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  2. Thank you for posting that. The struggle to get food on the table is fundamental. I sure am one of the smug middle class protesters but I don't know anyone else in that category. I guess if there were more in that category I think it would help - even if they do pull focus from more fundamental needs and struggles. I don't know if you saw my post about the riots but I hear you. I hear you. But let me ask you this. I am writing all these posts about being friends - can the middle class and the working class be friend? Can we just be people fighting for justice? Can it work that way?

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  3. love your blog. will follow. murmuration one was inspired.

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  4. we're starving down hereNovember 11, 2011 at 3:01 PM

    ok , had a look at post about the riots, glad to see that you mostly see it for what it really is- a reclamation of the streets.In fact not re-claiming just claiming- cos these folks never had them in the first place. But I think where the fault line is regarding friendship between the classes lies is in the fact that the middle class may see it, but they will then be sat in a pricey restarant reflecting on it, with a supportive family member saying don't worry about it or you'll go mad. The poorer person will more likely be isolated and actually just going mad, and if not isolated surrounded by other stressed people who aggravate the sense of helplessness and despair. In such a state they are not likely to have energy or interest to befriend someone who will most likely patronise them anyways and fail to get the gallows humour.It can be very unpleasant just to be too aware of someone else's comfort. Of course many friendships can always exist on individual levels across any divisions but as a group thing i'd say unlikely. Good luck with that all though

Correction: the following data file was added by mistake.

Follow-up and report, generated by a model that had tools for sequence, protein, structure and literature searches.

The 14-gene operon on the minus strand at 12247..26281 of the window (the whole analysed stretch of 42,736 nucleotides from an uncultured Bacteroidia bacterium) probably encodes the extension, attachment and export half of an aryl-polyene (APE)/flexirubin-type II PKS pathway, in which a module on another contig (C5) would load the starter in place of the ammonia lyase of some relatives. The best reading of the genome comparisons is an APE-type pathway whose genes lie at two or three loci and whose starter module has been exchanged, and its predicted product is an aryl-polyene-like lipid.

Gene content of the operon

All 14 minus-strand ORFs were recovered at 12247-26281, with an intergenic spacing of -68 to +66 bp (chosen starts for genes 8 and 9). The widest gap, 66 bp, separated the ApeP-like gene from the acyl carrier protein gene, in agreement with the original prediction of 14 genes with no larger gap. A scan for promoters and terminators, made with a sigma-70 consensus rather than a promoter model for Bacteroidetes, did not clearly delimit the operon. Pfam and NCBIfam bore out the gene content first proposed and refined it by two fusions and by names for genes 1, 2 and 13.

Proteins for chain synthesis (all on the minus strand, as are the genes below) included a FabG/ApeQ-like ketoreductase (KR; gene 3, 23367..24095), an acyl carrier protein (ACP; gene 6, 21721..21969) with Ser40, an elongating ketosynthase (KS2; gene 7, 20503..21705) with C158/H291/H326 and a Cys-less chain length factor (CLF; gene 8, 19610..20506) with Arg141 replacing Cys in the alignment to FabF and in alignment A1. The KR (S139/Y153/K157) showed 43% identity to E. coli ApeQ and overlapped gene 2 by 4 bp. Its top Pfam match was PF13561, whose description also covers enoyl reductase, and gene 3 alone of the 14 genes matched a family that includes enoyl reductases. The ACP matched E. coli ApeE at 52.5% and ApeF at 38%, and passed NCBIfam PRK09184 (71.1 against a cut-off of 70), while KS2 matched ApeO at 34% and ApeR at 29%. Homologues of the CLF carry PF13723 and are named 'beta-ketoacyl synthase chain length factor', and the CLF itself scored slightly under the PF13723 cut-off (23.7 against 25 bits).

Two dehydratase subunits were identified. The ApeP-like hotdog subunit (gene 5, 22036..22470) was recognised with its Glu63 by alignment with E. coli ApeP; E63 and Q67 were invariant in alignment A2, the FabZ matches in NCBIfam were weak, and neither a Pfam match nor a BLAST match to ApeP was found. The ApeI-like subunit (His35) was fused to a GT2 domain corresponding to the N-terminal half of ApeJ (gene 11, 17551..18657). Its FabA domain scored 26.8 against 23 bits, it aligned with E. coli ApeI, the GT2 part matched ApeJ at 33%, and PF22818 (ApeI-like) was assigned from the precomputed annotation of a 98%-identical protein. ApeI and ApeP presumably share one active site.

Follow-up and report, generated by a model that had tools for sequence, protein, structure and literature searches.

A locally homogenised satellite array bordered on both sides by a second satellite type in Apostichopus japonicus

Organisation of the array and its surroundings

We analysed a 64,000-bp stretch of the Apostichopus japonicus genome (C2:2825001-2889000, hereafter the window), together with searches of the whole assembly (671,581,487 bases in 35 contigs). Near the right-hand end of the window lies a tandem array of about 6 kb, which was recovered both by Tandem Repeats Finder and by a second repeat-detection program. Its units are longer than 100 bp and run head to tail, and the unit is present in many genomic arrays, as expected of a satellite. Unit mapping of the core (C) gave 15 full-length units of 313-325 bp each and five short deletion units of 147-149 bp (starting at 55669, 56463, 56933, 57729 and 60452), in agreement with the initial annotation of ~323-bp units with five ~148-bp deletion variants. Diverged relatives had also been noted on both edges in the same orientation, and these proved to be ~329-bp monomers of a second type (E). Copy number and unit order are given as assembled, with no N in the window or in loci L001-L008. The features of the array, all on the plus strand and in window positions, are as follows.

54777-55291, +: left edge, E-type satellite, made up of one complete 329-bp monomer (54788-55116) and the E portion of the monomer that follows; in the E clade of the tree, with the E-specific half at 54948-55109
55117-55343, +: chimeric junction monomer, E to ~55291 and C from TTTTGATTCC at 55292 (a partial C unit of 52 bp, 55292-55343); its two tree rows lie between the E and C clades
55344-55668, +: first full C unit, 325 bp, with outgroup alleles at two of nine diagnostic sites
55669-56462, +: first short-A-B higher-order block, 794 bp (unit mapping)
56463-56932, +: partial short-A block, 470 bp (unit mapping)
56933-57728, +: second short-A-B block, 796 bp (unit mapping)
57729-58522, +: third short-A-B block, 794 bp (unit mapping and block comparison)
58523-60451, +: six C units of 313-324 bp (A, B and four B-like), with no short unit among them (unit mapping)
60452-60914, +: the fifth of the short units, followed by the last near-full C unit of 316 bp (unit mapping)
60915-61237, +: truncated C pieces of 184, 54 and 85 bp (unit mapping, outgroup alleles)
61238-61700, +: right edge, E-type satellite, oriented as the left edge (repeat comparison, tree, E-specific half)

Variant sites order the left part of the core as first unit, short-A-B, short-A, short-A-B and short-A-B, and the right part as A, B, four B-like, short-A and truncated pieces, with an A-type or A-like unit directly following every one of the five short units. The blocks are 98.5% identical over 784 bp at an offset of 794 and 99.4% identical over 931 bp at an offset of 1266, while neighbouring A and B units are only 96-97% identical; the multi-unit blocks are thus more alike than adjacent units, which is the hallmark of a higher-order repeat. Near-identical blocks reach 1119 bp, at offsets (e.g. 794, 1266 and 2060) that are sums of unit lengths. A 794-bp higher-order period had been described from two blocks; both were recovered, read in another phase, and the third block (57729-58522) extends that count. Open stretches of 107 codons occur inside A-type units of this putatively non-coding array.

btw- surely most of the people at st pauls you met are middle class -just poor middle class. I guess can the deprived and wealthy be friends is more the point- and by wealthy i don't just mean money.

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  5. Rachel, can I take this one (while my bread dough is rising)?

    I think your anger at the middle class protesters is misplaced. Over the last 25 years the left has suffered a fracturing that does nothing but serve the interests of the hierarchy. The objective here among all disenfranchised people should really be to identify common ground and build on it. Erosion of democracy is everyone's concern. Environmental degradation is everyone's concern. Perhaps those who benefit from this unjust system have an even greater responsibility to speak out about it, which is not to say the media should focus on their wants and needs at the exclusion of the poor. For seismic change to occur, though, we're all going to have to get on board.

    Money can buy food and comfort, but not community; it cannot stave off loneliness or fill the needs of the spirit. Trust me, this movement needs everybody.

    "Be kind, for everyone you meet is fighting a hard battle." (Plato)